Wednesday, June 3

9 Things you Must Know Before Investing in Corporate Fixed Deposit

Corporate fixed deposits are offered by public or private sector companies, which may or may not be a financial institution. Hence, these are also known as company FDs. Corporate FDs are not only offered by lending institutions but also by different public sector housing and transport departments.

On the other hand, standard fixed deposits are only provided by commercial and cooperative financial institutions. 

Corporate FD rates are comparatively higher than those offered by commercial and cooperative lenders. Hence, these provide more lucrative investment opportunities, especially to senior citizens.

Few of features you must know about corporate FDs are mentioned below –

 

  • Regulations governing FDs

 

Corporate fixed deposits are provided under Section 58A of the Companies Act, 1956. As per this Act, the company will offer more priority to its shareholders rather than its fixed deposit customers when facing bankruptcy or insolvency.

However, several NBFCs offer FDs that are backed with ratings from top credit companies to assure customers of their safety and security. For example, Bajaj Finance Fixed Deposit bear FAAA rating from CRISIL and MAAA rating from ICRA.

 

  • Premature withdrawal 

 

Corporate fixed deposits provide no interest if the invested amount is withdrawn before a specific period, which usually ranges between 3 to 6 months.

Withdrawing the amount before the fixed deposit maturity period can attract a penalty fee ranging between 0.5% and 1%.  

 

  • Rate of interest 

 

Corporate FD rates can be more than 2% higher than standard fixed deposits. Senior citizens are also eligible to receive 0.35% more interest than other customers. Hence, company FDs are one of the ways to make money after retirement.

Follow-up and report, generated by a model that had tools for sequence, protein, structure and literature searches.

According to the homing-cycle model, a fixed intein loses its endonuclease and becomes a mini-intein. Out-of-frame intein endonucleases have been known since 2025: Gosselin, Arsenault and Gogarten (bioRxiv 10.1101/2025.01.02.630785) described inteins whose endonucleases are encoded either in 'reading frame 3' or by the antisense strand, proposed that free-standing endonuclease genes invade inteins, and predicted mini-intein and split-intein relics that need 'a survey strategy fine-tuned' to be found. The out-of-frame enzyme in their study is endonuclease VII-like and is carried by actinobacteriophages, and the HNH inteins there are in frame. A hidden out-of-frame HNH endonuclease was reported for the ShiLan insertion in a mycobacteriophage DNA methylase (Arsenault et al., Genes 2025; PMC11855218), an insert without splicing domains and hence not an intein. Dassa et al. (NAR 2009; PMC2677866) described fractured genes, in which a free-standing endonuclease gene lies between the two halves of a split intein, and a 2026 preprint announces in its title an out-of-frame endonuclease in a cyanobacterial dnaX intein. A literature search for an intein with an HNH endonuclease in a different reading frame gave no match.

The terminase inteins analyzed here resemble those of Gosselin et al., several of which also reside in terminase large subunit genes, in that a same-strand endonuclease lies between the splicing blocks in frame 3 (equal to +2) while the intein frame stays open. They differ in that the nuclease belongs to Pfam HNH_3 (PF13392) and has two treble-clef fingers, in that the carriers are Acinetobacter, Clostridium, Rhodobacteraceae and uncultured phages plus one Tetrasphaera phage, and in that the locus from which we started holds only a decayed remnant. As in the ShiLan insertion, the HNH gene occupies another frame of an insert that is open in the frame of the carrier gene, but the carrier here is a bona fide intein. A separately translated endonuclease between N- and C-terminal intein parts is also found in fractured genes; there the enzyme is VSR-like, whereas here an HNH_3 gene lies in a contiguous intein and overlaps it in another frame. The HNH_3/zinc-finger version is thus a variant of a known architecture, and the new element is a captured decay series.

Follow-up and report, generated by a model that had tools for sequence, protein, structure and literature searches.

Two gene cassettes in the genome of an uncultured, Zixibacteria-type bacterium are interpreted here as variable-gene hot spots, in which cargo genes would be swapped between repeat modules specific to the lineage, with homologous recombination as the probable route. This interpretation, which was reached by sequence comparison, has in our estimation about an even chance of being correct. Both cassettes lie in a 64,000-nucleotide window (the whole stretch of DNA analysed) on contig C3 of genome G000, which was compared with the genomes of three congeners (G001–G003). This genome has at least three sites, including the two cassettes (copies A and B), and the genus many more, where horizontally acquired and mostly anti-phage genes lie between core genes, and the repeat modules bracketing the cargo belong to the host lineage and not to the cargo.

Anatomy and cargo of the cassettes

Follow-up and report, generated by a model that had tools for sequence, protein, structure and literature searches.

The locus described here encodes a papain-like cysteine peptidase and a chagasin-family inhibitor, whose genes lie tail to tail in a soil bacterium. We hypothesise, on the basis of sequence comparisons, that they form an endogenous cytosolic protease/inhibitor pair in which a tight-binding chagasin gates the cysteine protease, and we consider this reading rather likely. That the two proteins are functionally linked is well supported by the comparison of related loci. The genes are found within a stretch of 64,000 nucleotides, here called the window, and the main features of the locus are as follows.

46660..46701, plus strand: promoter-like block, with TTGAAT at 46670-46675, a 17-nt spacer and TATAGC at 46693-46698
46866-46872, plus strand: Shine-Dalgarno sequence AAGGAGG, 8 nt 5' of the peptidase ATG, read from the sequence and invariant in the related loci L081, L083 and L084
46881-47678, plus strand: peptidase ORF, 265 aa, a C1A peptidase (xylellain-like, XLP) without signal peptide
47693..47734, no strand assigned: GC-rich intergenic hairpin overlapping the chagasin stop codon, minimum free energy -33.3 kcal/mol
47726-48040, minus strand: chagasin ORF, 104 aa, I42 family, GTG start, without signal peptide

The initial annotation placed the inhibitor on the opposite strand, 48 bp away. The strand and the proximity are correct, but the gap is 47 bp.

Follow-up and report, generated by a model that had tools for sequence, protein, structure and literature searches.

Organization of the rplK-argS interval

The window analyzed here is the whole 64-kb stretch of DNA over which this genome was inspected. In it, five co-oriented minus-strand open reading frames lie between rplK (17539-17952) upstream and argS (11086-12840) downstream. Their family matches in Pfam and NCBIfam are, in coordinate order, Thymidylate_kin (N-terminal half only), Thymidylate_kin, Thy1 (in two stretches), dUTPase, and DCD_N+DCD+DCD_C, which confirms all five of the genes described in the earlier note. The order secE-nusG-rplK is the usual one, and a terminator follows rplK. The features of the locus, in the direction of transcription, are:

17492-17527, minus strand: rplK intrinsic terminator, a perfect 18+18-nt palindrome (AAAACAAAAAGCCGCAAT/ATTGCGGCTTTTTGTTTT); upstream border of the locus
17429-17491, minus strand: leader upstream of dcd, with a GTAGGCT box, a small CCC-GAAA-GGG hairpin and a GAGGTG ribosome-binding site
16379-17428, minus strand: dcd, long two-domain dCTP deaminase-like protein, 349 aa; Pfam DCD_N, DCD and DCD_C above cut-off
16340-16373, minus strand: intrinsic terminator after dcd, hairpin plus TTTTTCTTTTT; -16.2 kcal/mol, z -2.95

• Premature withdrawal 

 

Corporate fixed deposits provide no interest if the invested amount is withdrawn before a specific period, which ranges between 3 to 6 months.

Withdrawing the amount before the fixed deposit matures can attract a penalty fee ranging between 0.5% and 1%.  

 

  • Lock-in period 

 

Corporate FDs usually have shorter lock-in periods compared to conventional fixed deposits. Usually, tenors of these FD stretch up to 5 years. Longer lock-in periods will offer higher corporate FD rates. 

However, investors can opt for auto-renewal and reinvest the return for the original period without submitting any paperwork. 

 

  • Income tax deduction 

 

Commercial and cooperative financial institutions will deduct TDS on fixed deposits if the interest earned is more than Rs.40,000 in a financial year (as per Budget 2019).

In case of corporate fixed deposits, interest of more than Rs.5,000 will attract TDS at 10% only if the accountholder’s income falls under a taxable slab. Investors not earning taxable income can file Form 15G (Form 15H for senior citizens) to avoid TDS.

Investing in a 5-year tax-saver fixed deposit will enable investors to save on income tax under Section 80C.

 

  • Interest payment frequency 

 

Investors can opt for a non-cumulative fixed deposit, which offers interest pay-out monthly, quarterly, half-yearly, or yearly. These types of FDs are beneficial for investors seeking regular income; for example, senior citizens. 

On the other hand, cumulative FDs offer returns only after maturity. Usually, the corporate FD rates are slightly higher with cumulative FDs in comparison with non-cumulative ones.   

 

  • Loans against fixed deposit 

 

Similar to standard FDs, corporate fixed deposits also offer loans against the invested amount. Generally, companies offer a discounted sum of the invested sum, which can be 75% in the case of cumulative FD and 60% for non-cumulative FDs.

Companies offer repayments tenors ranging from 90 days up to the maturity of the FD with such financial products. Borrowers also don’t have to pay any extra charges when foreclosing or part-prepaying the loan.

 

  • Insurance coverage 

 

All fixed deposits offered by commercial and cooperative financial institutions are insured up to Rs.1 lakh by the DGIC. However, corporate fixed deposits are not insured by any agencies. Hence, it is recommended to opt for a company that has goodwill and significant market performance.

Corporate fixed deposits are one of the ideal short-term investment options. Investors can use an FD return calculator to evaluate their earnings before investing and create their budget accordingly.  

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